Maggie Fox is health and science editor for Reuters, leading a global team of correspondents. Covering health for 15 years at Reuters, she was before that an international correspondent in countries from Lebanon to Bosnia. Since 2003 she has also been tasked to monitor avian influenza and other pandemic threats.
By Maggie Fox
WASHINGTON (Reuters) - Normally a pre-dawn call with the offer of a scoop gets a journalist’s adrenaline pumping. I had always laughed at how we run toward things everyone else runs away from — car bombs, riots, disease outbreaks.
But this was sad and unwelcome news.
I had a two-hour beat on my competitors with news a toddler had become the first person in the United States to die of the new flu that had already killed people in Mexico. And I had two hours to get my eight-year-old daughter to school.
Her school, with a bilingual curriculum, has close ties to Mexico, the epicenter of the outbreak.
I had two hours to worry about whether I was putting my child in harm’s way by simply taking her to school.
I typed out the news alert on my laptop while my daughter brushed her teeth; buttered toast for breakfast while coordinating with colleagues on my cellphone.
There is a very small and intimate community of journalists who follow flu — most of us date back to the early days of the outbreak of H5N1 avian influenza, first in Hong Kong in 1997 and later, after its resurgence in 2003.
We have all heard the dire scenarios — predictions of widespread economic unrest, 40-percent absence rates from work, interruptions in transportation and supply chains. We’ve written countless times about when schools should be closed.
For more than a week already I had been asking detailed questions about this new strain of H1N1 swine flu, first identified in children in southern California and Texas. Why was it killing people in Mexico but, seemingly, nowhere else?
I had dutifully quoted officials who repeated over and over that it was likely to kill people in the United States.
As we walked to school my daughter slipped her hand casually into mine. How was the mother of that toddler feeling right now, I wondered.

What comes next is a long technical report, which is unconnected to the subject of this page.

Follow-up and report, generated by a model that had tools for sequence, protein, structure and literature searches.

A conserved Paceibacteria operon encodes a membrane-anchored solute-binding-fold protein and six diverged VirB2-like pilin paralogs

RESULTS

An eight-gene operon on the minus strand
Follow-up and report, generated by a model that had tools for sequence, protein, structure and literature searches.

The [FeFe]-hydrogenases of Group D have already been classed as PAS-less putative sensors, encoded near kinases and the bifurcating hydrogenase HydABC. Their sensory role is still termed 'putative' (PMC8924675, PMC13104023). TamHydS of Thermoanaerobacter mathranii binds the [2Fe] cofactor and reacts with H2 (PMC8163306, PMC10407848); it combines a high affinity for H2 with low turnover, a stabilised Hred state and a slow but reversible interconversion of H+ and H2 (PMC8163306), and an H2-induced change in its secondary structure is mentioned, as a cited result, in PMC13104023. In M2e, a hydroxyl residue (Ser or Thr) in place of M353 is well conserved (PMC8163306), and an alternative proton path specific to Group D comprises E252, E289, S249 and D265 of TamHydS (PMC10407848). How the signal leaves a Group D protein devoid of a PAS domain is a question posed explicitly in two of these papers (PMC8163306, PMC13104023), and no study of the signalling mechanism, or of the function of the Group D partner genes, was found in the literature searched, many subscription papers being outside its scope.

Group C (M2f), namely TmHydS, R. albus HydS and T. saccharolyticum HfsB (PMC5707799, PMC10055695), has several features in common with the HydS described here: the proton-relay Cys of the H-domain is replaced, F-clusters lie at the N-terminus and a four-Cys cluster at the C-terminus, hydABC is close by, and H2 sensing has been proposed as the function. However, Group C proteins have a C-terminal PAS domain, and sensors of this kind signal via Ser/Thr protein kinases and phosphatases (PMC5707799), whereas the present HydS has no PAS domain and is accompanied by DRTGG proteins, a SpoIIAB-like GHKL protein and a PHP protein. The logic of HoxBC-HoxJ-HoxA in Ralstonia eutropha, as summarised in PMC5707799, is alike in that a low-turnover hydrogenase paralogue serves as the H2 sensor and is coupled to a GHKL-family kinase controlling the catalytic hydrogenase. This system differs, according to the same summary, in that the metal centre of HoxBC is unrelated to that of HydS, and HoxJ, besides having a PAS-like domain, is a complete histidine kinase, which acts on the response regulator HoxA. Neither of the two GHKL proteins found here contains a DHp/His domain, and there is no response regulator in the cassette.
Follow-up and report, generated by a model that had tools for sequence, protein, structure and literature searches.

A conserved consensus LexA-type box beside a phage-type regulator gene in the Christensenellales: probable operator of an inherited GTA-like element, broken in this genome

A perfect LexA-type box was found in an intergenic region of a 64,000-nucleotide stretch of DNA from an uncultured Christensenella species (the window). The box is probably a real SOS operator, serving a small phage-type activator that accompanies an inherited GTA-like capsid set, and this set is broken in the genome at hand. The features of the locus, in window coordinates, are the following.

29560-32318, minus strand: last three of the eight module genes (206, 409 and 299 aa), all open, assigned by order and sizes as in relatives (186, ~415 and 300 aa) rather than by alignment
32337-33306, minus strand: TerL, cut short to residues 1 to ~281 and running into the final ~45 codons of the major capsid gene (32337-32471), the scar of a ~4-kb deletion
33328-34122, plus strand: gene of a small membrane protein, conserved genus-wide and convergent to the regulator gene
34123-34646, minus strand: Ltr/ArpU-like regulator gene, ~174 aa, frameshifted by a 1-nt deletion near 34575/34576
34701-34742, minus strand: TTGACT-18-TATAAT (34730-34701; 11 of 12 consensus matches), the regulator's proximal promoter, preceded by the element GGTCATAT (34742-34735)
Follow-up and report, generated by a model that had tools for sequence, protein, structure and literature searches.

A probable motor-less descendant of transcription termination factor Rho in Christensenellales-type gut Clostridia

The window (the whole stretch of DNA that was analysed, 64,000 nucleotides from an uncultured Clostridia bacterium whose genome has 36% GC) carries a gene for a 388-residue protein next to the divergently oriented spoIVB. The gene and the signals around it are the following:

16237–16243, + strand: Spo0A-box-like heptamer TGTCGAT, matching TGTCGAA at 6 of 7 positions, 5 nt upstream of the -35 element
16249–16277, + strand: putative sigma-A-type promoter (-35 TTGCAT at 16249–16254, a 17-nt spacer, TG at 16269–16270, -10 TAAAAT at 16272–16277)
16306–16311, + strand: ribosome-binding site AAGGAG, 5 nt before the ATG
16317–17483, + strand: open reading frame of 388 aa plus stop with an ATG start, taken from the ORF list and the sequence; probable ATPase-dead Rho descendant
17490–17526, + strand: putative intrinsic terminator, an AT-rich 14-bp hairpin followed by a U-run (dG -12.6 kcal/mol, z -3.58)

Hours in flu conferences where scientists debate whether influenza virus is airborne, how common it is to pick it up on the fingers, and if face masks are a waste of time, have made me what some people might call vigilant, and others might call paranoid.
My daughter carries hand sanitizer everywhere. One teacher was stunned a few years ago when I showed up with a case of the stuff, in bubble gum and grape scents, and asked if she’d put it on every table. I later saw it wedged at the top of a supply cabinet.
Just the night before I had talked to her Brownie troop about hand hygiene, and was impressed at how much the little girls already knew about germs and swine flu. Anyone who has let drop an unflattering comment about an acquaintance knows that if you want to spread information quickly, tell an eight year old.
But would hand sanitizer be enough?
As soon as I pushed the button on my little scoop about the dead child, every parent who got that news would be asking the same questions I was. Is there an infected child at my child’s school? My child’s teachers use antiseptic wipes obsessively, but what about other teachers?
Now I was asking the same questions that as a health journalist I answer for everyone else. Will I get it? Will my daughter get it? Can I protect her?
Reuters has been examining potential discrimination around the outbreak. When SARS spread around the world in 2003, Chinese people faced discrimination across Asia, Europe and Canada. Already radio talk show hosts were demanding closure of the border — even though experts have long agreed it would be at best useless, with any disease just a plane ride away from anywhere.
As I dropped my daughter off that morning, she rushed to embrace her best friend. The friend’s mother was chatting about their recent trip — yes, to Cancun, in Mexico.
Would I succumb to the instincts that drive discrimination? I was relieved to be able to calmly join the other parents — one a pediatrician — as they discussed incubation periods for influenza and agreed that any child who had not already been sick was unlikely to be infectious at this point.
I kissed my daughter goodbye, reminded her to use hand sanitizer, and headed to work. There, I sprayed Lysol on my desk. You can never be sure.
Reporting by Maggie Fox, Editing by Frances Kerry and Sara Ledwith